It is past time to stop extending interventions originally intended for old technology to a range of new competitive media. No longer is there any rational public policy basis for a government agency to dictate how much or what content the viewing public can see, any more than there ever has been for printed media. There is no market failure to which the current regulatory framework is responding and no longer any reason for FCC bureaucrats to decide how much of the spectrum should be used for each of many existing and future commercial services. Spectrum reform, along with the repeal of other broadcast programming restrictions contained in the proposed Scalise-DeMint Next Generation Television Marketplace Act, provide a roadmap for the necessary reform. With an adequate supply of tradable rights in spectrum, we will find out how much additional competition is possible among traditional wired and wireless, analog and digital, and fixed and mobile delivery services.

Read the entire thing here [PDF], and you might also be interested in this Forbes column (“Toward a True Free Market in Television Programming“) and these two blog posts of mine (1, 2) on the retrans wars.

 (Adapted from Bloomberg BNA Daily Report for Executives, May 16th, 2012.)

Two years ago, the Federal Communications Commission’s National Broadband Plan raised alarms about the future of mobile broadband. Given unprecedented increases in consumer demand for new devices and new services, the agency said, network operators would need far more radio frequency assigned to them, and soon. Without additional spectrum, the report noted ominously, mobile networks could grind to a halt, hitting a wall as soon as 2015.

That’s one reason President Obama used last year’s State of the Union address to renew calls for the FCC and the National Telecommunications and Information Administration (NTIA) to take bold action, and to do so quickly. The White House, after all, had set an ambitious goal of making mobile broadband available to 98 percent of all Americans by 2016. To support that objective, the president told the agencies to identify quickly an additional 500 MHz of spectrum for mobile networks.

By auctioning that spectrum to network operators, the president noted, the deficit could be reduced by nearly $10 billion. That way, the Internet economy could not only be accelerated, but taxpayers would actually save money in the process.

A good plan. So how is it working out?

Unfortunately, the short answer is:  Not well.  Speaking this week at the annual meeting of the mobile trade group CTIA, FCC Chairman Julius Genachowski had to acknowledge the sad truth:  “the overall amount of spectrum available has not changed, except for steps we’re taking to
add new spectrum on the market.” Continue reading →

Tim Lee and I are narrowing in on our core disagreement (or, at any rate, one of them) with respect to cable broadband regulation. I argued that certain unpopular price discrimination techniques, such as broadband caps, have efficiency rationales. After some apparent talking past each other, Tim has clarified that he agrees with my argument as far as it goes, but his real concern is that cable companies will prevent new forms of content from emerging.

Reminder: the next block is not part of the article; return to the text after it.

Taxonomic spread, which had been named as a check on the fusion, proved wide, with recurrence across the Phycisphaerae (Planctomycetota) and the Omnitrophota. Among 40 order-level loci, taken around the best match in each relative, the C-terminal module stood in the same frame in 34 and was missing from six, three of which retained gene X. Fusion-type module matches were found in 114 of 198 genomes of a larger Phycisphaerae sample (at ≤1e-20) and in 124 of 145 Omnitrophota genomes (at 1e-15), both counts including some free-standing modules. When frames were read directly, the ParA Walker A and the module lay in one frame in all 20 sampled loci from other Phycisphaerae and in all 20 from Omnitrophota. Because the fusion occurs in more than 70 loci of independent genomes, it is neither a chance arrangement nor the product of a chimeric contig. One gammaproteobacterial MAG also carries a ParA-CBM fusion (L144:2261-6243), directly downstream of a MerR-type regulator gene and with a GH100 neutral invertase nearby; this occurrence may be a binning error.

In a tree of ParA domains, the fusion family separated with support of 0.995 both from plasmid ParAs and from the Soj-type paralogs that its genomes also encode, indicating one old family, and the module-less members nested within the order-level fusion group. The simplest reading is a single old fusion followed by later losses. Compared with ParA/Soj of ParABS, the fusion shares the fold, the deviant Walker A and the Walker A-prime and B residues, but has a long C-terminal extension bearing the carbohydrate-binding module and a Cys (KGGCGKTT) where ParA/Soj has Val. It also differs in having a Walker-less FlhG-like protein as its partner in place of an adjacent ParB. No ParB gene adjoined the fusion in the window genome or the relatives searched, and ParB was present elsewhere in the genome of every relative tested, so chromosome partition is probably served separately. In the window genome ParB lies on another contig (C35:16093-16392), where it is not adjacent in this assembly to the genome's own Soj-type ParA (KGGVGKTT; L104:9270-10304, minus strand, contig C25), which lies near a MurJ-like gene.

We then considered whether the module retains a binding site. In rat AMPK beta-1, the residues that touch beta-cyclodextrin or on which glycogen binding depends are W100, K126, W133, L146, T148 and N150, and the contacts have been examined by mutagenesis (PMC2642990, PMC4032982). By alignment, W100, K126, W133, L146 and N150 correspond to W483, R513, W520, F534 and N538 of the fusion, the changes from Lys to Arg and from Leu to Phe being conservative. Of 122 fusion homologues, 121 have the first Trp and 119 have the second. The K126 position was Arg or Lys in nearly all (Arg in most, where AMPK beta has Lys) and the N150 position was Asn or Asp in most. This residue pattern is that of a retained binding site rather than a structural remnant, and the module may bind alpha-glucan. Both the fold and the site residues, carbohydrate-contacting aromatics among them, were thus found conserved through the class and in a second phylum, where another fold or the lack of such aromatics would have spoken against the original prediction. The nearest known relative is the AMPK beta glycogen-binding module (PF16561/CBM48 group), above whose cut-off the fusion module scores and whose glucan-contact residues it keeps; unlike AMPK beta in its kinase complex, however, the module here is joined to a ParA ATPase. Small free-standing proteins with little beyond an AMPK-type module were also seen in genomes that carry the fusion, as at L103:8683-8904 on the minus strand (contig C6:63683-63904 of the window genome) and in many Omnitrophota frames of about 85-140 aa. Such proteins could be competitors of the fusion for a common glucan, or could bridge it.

Internet video isn’t just a lower-cost source for the same kind of video content you can get from Comcast. Internet video has the potential to offer totally new kinds of video content that wouldn’t be available on Comcast at any price.

As Tim put it in a comment on my last post,

Continue reading →

Lafayette, La., like a number of U.S. municipalities, is facing a recession-driven budget crunch, largely due to health care and retirement costs. Unlike most municipalities, however, Lafayette faces a $140-million reckoning in the form a municipal fiber to the home system.

After an auditor’s report raised some flags about the extent city’s been dipping into its reserve savings, Lorrie Toups, Lafayette Consolidated Government’s chief financial officer said $5 million in reductions might be needed to maintain a status quo budget.

This might not be so bad save for the loans that start to come due in 2013 on Lafayette municipal FTTH system, which, according to the auditor’s report, is costing the city of Lafayette $45,000 a day. Thus far, the city has issued the full $125 million in bonds authorized for construction and operation of LUS Fiber. In addition, LUS Fiber has borrowed $15 million from its parent, Lafayette Utilities System, the city’s municipally-owned water and power utility. (One reason LUS is so flush is that in 2009 it received $11.6 million as part of the Obama stimulus, ostensibly to fund a smart grid electricity system.)

Andrew Moylan at the National Taxpayers Union picked up the item from the Lafayette Advertiser:

In sum, LUS Fiber is losing boatloads of money and exacerbating an already-difficult budget situation in the area. There is a silver lining though! According to LUS’s own numbers, the project might break even by the time 2014 or 2015 roll around. Or maybe not…you know, whatever.

The Advertiser reports that Toups defended LUS Fiber as a start-up enterprise that “budgeted for losses and expected to incur them in its early years.”